Cherry Picking and 18 Years of Innocence

July 19, 2011 § 1 Comment

Words escape me when I want to describe the feeling of elation I felt picking cherries the other day. On the grounds of an exceptional nursery (Windrush Nursery for pre-school aged children), I was picking morello cherries in order to make cherry brandy and dried sour cherries.

In an age when most of our food comes from a supermarket, it was an amazing experience to go back to basics and forage for food, like our hunter-gatherer fore bearers. This seems to have satisfied a primeval gene of mine. Happy in the knowledge that I can feed my family when all else is lost! Let’s get real here, I am not harking back to time when I would have had to walk for miles and do back breaking work, in order to put food on the table. Also, there is not much sustenance in cherry brandy, even though it’s jolly nice to drink!

Making dried sour cherries is a laborious and messy process. First you pick the cherries and stone them. Then, in a slow oven (luckily, I have a Rayburn to do this) you dry them. This takes hours and hours, but at the end of it all, you have something that can be referred to as ‘free food’ (as my good friend Clare did not change me for picking them, she wouldn’t even dream of it). Once you have the dried cherries, use them in porridge or making granola or best of all in making Sour Cherry and Almond White Chocolate Chunks (see recipe at the end).

Both my children attended Windrush Nursery, which I cannot praise enough. Clare and her team provide a safe environment for children that is like a home from home, but in reality it is much better. The children learn through creative play and this is all done in a nurturing, caring and intelligent way. Clare is as welcoming to the parents who drop off their kids, as she and her team are to the care and attention they give to the children. Of course, I am totally biased, but I feel lucky that my kids spent the early stages of their lives in such a place. It seems that the kids who go there are a pretty creative bunch. Who knows how many children contributed to the creation of the ‘work of art’ that hangs in the kitchen wall? It’s aptly named ’18 Years of Innocence’!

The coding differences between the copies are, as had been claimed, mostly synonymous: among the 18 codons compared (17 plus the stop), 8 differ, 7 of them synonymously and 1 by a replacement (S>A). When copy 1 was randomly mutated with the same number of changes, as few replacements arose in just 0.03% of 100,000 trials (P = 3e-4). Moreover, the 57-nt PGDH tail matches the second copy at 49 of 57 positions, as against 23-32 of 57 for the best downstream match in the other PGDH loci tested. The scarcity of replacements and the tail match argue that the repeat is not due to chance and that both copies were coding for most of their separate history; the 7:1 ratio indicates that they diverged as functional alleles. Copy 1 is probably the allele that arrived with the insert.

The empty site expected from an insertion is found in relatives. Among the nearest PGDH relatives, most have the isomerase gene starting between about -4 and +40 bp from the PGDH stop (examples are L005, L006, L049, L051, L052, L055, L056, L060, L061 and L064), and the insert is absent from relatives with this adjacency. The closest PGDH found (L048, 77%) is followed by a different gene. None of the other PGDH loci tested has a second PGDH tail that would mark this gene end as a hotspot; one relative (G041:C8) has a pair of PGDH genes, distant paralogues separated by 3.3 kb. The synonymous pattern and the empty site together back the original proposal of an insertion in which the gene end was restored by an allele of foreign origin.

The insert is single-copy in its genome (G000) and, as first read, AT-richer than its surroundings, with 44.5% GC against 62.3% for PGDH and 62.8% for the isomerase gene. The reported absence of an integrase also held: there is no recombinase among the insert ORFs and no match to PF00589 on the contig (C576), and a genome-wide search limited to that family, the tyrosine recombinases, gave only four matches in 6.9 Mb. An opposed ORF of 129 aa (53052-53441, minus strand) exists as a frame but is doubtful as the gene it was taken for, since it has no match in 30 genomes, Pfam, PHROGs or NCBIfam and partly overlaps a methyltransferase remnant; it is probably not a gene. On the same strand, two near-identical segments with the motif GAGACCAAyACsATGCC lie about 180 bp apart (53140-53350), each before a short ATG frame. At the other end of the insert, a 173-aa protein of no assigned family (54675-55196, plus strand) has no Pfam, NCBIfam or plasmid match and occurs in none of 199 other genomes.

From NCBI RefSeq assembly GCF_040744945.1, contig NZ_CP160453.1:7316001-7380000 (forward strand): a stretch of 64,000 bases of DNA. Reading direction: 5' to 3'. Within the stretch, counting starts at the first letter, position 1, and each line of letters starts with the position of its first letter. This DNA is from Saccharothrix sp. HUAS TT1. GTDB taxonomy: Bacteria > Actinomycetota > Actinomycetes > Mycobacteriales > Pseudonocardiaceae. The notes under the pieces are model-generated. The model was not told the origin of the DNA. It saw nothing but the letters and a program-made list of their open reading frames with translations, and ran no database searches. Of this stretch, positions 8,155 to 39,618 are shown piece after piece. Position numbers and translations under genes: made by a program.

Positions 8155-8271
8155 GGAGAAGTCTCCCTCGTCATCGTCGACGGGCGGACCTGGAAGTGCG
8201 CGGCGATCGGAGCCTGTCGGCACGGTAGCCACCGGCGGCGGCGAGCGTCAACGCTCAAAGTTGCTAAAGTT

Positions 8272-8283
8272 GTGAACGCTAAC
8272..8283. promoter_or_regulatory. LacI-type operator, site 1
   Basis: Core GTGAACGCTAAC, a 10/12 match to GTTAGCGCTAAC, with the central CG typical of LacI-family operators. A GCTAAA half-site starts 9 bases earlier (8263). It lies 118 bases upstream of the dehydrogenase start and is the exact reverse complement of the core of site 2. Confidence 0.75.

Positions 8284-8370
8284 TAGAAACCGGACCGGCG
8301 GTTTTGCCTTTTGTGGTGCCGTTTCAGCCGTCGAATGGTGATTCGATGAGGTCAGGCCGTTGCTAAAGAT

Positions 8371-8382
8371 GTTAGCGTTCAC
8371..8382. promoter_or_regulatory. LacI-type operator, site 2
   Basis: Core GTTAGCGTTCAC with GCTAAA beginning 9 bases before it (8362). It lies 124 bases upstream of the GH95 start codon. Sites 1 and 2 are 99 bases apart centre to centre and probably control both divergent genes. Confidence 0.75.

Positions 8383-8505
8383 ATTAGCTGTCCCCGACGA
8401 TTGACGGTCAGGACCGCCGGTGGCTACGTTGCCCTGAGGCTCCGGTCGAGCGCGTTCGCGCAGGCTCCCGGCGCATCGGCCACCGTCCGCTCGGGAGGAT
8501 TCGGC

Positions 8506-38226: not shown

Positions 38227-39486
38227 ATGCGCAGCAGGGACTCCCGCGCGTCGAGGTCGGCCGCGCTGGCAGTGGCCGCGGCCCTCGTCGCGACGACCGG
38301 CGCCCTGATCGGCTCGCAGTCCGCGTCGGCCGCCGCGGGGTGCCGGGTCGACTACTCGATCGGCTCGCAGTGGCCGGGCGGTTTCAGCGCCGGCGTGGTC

18 Years of Innocence

In case this is beginning to sound like an advert for Windrush Nursey, I do have to admit to a little secret. The funny thing is that I cannot keep away, I still attend the annual Sports Day, even though my kids left 4 years ago and still take advantage of Clare’s hospitality!

Recipe for Sour Cherry and Almond White Chocolate Chunks

(taken from Waitrose Food Illustrated)

Melt 250g broken white chocolate in a bowl. Add a pinch of cinnamon, 75g roasted marcona almonds and 75g dried sour cherries. Stir well and pour into a small baking tin, lined with baking parchment. Chill until set. Turn out of the tray, breaking it into rough chunks. Yummy with coffee or just when you feel like having a bit of chocolate. Who needs an excuse!

1 week 3 exhibitions

July 8, 2011 § 1 Comment

I have been a very busy girl of late, I managed to cram 3 exhibitions in one week! First on the exhibition tour was Constable at Salisbury Museum. It was a gloriously sunny day, not a cloud in the sky to be seen over Salisbury.  Which is pretty unusual in this part of the country. Although, I am not sure whether we have more than our fair proportion of clouds than anywhere else but the thought of ‘clouds’ was heavily on my mind, as I was walking around the exhibition. Much has been written about Constable’s love for his wife Maria (a book came out last year ‘Constable in Love’ by Martin Gayford- I haven’t read it yet). However, as a romantic landscape painter, I think that he was as much in love with clouds as he was in love with his wife! And who can blame him?